Body Condition Scoring of a Beef Herd

By Clyde Lane, Jr., Extension Beef Specialist Animal Science and published by University of Tennessee in Beef Cattle Time, Volume 24, Number 4, Fall 2006 - Body condition scoring (BCS) is a management practice all producers should perform. It provides the information needed to evaluate pasture and feeding programs. Since the BCS is linked to the productivity of the herd, it is important that animals be maintained in an acceptable body condition score.
calendar icon 1 November 2006
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The most widely used body condition scoring system is a 1 to 9 scale (Table 1) with “1” being extremely thin and “9” being obese (See table below). In general, body condition scores of one to four should be considered “thin,” five to seven to be in the “normal” range and eight and nine to be “fat.” In general if cows are too thin, they are likely to have trouble rebreeding and probably need improved forage or supplementation with concentrates. This is extremely important for first-calf heifers and bulls. Cows with a BCS of 5 may need some additional supplementation or plenty of stockpiled fescue or high quality pasture. Cows in the 6 or 7 range will need minimal adjustment in their nutritional program. Cows with an eight or nine body condition score are too fat.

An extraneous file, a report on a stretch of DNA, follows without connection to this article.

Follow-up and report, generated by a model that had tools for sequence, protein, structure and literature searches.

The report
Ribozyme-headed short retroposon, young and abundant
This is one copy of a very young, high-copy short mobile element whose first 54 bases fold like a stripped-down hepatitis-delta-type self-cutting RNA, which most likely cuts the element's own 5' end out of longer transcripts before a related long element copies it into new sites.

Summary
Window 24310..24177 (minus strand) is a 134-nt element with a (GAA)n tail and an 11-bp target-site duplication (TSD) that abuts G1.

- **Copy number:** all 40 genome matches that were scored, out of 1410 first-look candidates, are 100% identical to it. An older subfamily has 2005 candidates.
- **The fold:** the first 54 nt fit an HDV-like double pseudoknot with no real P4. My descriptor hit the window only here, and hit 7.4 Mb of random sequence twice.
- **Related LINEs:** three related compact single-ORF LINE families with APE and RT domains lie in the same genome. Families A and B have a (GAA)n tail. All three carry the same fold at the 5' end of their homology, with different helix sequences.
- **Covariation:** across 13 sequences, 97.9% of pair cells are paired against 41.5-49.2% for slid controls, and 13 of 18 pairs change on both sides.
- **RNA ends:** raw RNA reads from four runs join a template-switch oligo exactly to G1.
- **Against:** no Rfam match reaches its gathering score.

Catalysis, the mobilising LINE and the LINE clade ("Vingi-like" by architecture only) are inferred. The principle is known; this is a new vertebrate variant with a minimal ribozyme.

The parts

It is not necessary to individually score each cow to come up with a body condition score for a herd.. A herd is managed as a group and changes in the feeding program are done on a herd basis. Decide on a body condition score that fits the majority of the animals. If most are in the 5 to 7 range, little nutritional adjustment is needed. Next take a look at those animals that are either too thin (BCS 1 – 4) or too fat (BCS 8 – 9). Some of these animals are too fat because they are not pregnant or failed to have a calf. They should be sent to market. If cows are too thin, a determination must be made as to cause and whether it can be corrected. Use the BCS as an indicator of the cow’s ability to wean a calf of sufficient weight and quality to make a profit.

Any animal that doesn’t fit the group should be considered for culling since it probably cannot be fed and managed individually.

November 2006
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